Hans Biebow was the most senior Nazi official who oversaw the manufacturing work done in the Lodz Ghetto. Biebow held this position from April 1940 until the destruction of the ghetto in the summer of 1944. Biebow also oversaw the deportation of tens of thousands of Jews to Chelmno or Auschwitz.


Hans Biebow was born on December 18th, 1902. He was seen by his superiors in the Nazi Party as a skilled administrator and was given control of the Lodz Ghetto after the fall of Poland in September/October 1939.


During his time in charge of the ghetto, Biebow developed a working relationship with Chaim Rumkowski, leader of the Jewish Council, who was effectively head of government within the ghetto. Rumkowski planned to work with the Nazis as opposed to organising any form of resistance. His approach remains controversial but he believed that the only way for the Jews in the ghetto to survive was proving to Biebow that their work was indispensable.


The Jewish Council in the Lodz Ghetto created 117 workshops that manufactured a great deal of military equipment for the Nazis. In return for the goods, Biebow promised food and medical supplies. Rumkowski argued that it was the only way ahead for the Jews if they were to survive. The work rate of those in the ghetto was such to attract the attention of Albert Speer, Minister of Armaments, who argued for the ghetto’s continued existence after Heinrich Himmler threatened to destroy the ghetto in 1943.


The evidence from the ghetto itself indicates that the Jews did what they could to manufacture military goods but that Biebow reneged on agreements regarding food and medical supplies. On paper, the ghetto was doing extremely well and Biebow got the credit for this working arrangement. In reality, he may well have created a situation whereby those in the ghetto did not work as well as they might have simply because their bodies were starved of food. However, there can be little doubt that he personally profited from the work done by the Jews in the ghetto. An unsubstantiated figure put the value of the work done in the ghetto at $14 million. Evidence at his later trial showed that Biebow took a large amount of property from those in the ghetto and profited from their sale. With the ghetto currency valueless outside of the ghetto, many inside it had to trade their goods for food and medical supplies. Biebow appears to have been at the heart of this ‘trade’.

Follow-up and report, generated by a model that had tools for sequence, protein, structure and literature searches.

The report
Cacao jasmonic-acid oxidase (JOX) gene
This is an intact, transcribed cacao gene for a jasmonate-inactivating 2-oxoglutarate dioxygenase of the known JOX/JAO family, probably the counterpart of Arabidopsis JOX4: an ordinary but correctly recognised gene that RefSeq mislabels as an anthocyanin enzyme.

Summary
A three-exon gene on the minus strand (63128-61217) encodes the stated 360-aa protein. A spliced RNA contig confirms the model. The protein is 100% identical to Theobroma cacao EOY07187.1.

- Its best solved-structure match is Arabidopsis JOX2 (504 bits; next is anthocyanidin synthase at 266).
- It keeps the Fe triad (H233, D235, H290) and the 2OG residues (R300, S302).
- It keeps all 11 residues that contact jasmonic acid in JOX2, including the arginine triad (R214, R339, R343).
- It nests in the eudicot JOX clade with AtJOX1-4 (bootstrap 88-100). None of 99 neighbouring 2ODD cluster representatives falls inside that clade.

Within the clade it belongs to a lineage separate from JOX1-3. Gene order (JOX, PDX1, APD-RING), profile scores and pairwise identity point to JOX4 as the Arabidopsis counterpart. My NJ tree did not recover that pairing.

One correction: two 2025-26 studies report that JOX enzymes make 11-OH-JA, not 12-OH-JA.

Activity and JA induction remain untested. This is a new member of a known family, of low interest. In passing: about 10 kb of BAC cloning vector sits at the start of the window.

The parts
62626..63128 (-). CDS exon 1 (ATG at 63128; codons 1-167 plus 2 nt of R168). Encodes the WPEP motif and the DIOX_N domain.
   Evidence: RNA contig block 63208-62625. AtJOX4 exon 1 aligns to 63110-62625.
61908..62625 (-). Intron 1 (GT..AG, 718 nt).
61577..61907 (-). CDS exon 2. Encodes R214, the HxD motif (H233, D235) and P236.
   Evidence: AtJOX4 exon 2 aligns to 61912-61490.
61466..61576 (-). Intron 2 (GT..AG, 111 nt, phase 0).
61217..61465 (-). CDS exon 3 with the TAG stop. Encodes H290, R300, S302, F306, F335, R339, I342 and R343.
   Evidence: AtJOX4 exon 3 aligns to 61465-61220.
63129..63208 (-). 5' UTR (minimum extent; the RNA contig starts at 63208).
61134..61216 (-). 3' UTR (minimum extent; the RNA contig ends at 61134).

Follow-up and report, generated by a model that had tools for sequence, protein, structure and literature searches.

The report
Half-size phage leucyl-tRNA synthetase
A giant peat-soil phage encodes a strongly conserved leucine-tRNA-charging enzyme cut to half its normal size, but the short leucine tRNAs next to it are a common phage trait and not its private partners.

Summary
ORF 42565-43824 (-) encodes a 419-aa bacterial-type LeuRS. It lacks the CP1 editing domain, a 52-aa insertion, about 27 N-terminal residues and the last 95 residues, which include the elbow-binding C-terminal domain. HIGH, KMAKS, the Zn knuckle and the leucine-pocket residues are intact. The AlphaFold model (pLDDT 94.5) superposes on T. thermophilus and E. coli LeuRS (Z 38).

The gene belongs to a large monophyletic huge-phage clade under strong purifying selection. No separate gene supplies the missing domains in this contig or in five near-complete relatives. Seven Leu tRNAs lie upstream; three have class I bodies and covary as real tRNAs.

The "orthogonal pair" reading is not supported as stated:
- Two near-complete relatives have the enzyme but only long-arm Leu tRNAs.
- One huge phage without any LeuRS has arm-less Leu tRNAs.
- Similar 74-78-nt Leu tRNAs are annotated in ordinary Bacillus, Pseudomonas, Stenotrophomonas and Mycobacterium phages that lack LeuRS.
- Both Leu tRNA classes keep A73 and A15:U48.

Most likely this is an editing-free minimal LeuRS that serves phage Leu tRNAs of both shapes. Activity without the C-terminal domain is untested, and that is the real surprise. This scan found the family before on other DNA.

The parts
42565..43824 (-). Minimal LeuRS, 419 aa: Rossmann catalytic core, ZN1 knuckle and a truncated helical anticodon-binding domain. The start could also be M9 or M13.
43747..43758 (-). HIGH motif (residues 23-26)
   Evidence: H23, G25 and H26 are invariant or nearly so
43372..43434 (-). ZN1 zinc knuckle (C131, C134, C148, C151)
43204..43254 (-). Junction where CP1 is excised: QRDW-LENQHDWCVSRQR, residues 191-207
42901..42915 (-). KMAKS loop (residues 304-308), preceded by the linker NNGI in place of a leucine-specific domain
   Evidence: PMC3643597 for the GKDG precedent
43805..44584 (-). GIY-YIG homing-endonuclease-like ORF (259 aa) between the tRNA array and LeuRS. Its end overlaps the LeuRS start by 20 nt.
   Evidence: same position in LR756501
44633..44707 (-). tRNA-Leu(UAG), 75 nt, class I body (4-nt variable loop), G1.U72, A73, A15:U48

Biebow also oversaw the deportation of Jews to the death camps of Chelmno and Auschwitz. At its peak it is thought that 204,000 Jews and some Roma’s were forced to live in the Lodz Ghetto. By the time the city was freed by the Red Army in January 1945, only 900 remained. Biebow preferred to see Jews as a form of lucrative cheap labour but he swiftly adjusted his views when the deportation orders came through.


As the Red Army swept through Eastern Europe and approached Lodz, Biebow fled back to Germany. When World War Two ended in Europe in May 1945, Biebow was in hiding and escaped arrest. On one of his ventures out, he was recognised and arrested. He stood trial for crimes against humanity at Lodz in April 1947. His arguments about  ‘obeying orders’ fell on deaf ears and he was found guilty and sentenced to death. His execution was carried out on April 30th 1947.

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